We were so lucky to talk to these two ladies while they were on their book tour together around the US. We talk about the importance of wildlife advocacy, what readers of ‘Let’s Go on Safari’ can expect from the book and Michelle’s other important project “Wild Wonderful World”, which focuses on connecting people from around the world to conservation projects in Africa, a model that developed after Michelle and her partner spend well over a year exploring the continent and learning about conservation issues.

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36 · BEN YOUNG · TACKLING BIG PROBLEMS THROUGH BEAUTIFUL REUSABLES @ FRANK GREEN

36 · BEN YOUNG · TACKLING BIG PROBLEMS THROUGH BEAUTIFUL REUSABLES @ FRANK GREEN

April 25, 2019

Ben Young is a caffeine enthusiast and passionate environmental advocate. He is also the founder of Frank Green, a company specializing in solving the single use plastic problem through beautiful, practical reusable products. They are most well-known for their stylish, curvy coffee cups and water bottles. Since their inception in 2013, Frank Green has grown into one of Australia’s most loved reusable cups and bottles brands and is rapidly expanding around the world.

We caught up with Ben at the Frank Green headquarters in Port Melbourne, Australia and we couldn’t help but be inspired by his enthusiasm and energy, he was literally shaking with excitement as he spoke about the company’s vision, their iterative approach, how they’ve built sustainability into their value chain, advice for purpose-driven start ups and Frank Green’s big plans for the future.

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35 · OLIVIA KENNAWAY · NEXT LEVEL SUSTAINABLE FASHION AT ASHA:ELEVEN, CAPE TOWN

35 · OLIVIA KENNAWAY · NEXT LEVEL SUSTAINABLE FASHION AT ASHA:ELEVEN, CAPE TOWN

April 4, 2019

Olivia Kennaway is the founder of sustainable, ethical fashion label Lalesso and more recently, Asha:Eleven. Olivia helped drive the ethical fashion movement in Africa with early involvement in the Ethical Fashion Forum. She was also the instigator of what is today, Soko Kenya, which was then set up by Joanna Maiden in the Rukinga Wildlife Sanctuary (and now manufactures ethical fashion for big brands like Asos Africa). She is passionate about building an inspirational label that considers both planet and people by taking sustainability to the next level.

We caught up with Olivia in Betty’s Bay, a small coastal town just outside of Cape Town on a moody and stormy day (so please enjoy a little wind whistling as background ambiance).We covered Olivia’s particularly inspiring journey in ethical and sustainable fashion, her impact on communities and individuals and the brand values that she has built into Asha:Eleven to take it to the next level of sustainability.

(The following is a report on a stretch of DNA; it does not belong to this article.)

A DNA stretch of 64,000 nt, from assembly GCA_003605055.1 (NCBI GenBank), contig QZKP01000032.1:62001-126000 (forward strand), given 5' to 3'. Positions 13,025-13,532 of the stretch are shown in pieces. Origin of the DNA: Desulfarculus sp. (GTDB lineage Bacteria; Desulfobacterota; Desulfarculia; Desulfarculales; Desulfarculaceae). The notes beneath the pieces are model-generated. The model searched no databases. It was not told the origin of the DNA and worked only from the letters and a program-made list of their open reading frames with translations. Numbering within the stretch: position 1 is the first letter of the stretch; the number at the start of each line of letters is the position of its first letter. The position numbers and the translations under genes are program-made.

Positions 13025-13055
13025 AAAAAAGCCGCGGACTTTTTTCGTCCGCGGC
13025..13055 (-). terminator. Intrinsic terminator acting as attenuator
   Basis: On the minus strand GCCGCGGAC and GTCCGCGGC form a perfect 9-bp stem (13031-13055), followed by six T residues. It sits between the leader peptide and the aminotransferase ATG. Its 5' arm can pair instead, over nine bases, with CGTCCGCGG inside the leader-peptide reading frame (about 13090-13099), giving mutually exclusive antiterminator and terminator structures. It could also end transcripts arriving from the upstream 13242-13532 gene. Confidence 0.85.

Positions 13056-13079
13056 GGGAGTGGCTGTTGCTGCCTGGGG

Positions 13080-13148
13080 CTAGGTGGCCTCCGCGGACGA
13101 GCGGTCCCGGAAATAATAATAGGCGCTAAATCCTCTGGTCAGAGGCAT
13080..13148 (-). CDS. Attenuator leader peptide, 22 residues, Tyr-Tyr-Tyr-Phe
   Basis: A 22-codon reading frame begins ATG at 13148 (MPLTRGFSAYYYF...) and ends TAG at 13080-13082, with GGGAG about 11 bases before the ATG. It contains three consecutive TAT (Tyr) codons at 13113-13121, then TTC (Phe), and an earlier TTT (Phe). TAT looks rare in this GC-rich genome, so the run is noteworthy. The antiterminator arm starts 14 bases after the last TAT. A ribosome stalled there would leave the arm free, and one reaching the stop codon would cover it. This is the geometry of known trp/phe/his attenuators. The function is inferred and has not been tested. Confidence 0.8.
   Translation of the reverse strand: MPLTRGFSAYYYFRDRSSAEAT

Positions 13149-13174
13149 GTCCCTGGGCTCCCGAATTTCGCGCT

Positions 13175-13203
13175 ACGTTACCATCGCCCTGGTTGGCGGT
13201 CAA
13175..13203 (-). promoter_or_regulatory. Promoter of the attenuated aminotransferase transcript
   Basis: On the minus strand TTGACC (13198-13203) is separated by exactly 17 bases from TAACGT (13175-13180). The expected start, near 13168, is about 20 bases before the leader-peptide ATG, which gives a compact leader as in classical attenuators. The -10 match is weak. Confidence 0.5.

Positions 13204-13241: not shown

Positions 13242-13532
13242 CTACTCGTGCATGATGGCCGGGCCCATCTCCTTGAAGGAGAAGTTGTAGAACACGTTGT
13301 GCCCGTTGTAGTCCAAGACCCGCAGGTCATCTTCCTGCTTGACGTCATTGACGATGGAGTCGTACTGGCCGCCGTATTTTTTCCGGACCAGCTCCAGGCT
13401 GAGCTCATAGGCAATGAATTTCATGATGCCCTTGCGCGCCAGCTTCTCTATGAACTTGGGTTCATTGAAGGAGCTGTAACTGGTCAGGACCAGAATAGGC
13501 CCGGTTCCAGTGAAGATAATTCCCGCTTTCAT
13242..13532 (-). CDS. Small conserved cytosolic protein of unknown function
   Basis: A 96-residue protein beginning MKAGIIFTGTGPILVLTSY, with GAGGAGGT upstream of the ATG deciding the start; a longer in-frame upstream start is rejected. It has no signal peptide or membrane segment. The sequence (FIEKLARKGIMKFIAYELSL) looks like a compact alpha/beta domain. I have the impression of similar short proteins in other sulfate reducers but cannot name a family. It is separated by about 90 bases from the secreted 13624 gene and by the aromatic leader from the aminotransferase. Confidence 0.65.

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34 · JUSTINE BRABY · KEEPING YOUR CUP FULL & AFRICA’S WELLBEING ECONOMY

34 · JUSTINE BRABY · KEEPING YOUR CUP FULL & AFRICA’S WELLBEING ECONOMY

March 13, 2019

“Justine is the Director of Progress Namibia Technical and Advisory Services. Her academic qualifications include natural science, law, and education. She has most recently been working on the broad framework of sustainable development, including system thinking and economic transformation. Justine has extensive experience working on themes that are interconnected, such as climate change, sustainable land management, poverty eradication, among others. She has a large portfolio of work supporting African governments in their sustainable development planning, and has recently been working closely with the Sustainable Development Goals. Justine leads the Secretarial work of the WE-Africa (Wellbeing Economy Africa Research and Action Network), and is a member of the core research group of the WE-All (Wellbeing Economy Alliance). Justine has published widely on themes from economic transformation, alternative measures of economic wellbeing, as well as climate change, global transformation, and ecology. She has also had extensive experience in developing, implementing and evaluating different projects and strategies all over Africa, including for various UN and bilateral agencies, governments, and business. Justine's biggest passion is the redefining of value systems towards a more equitable world.”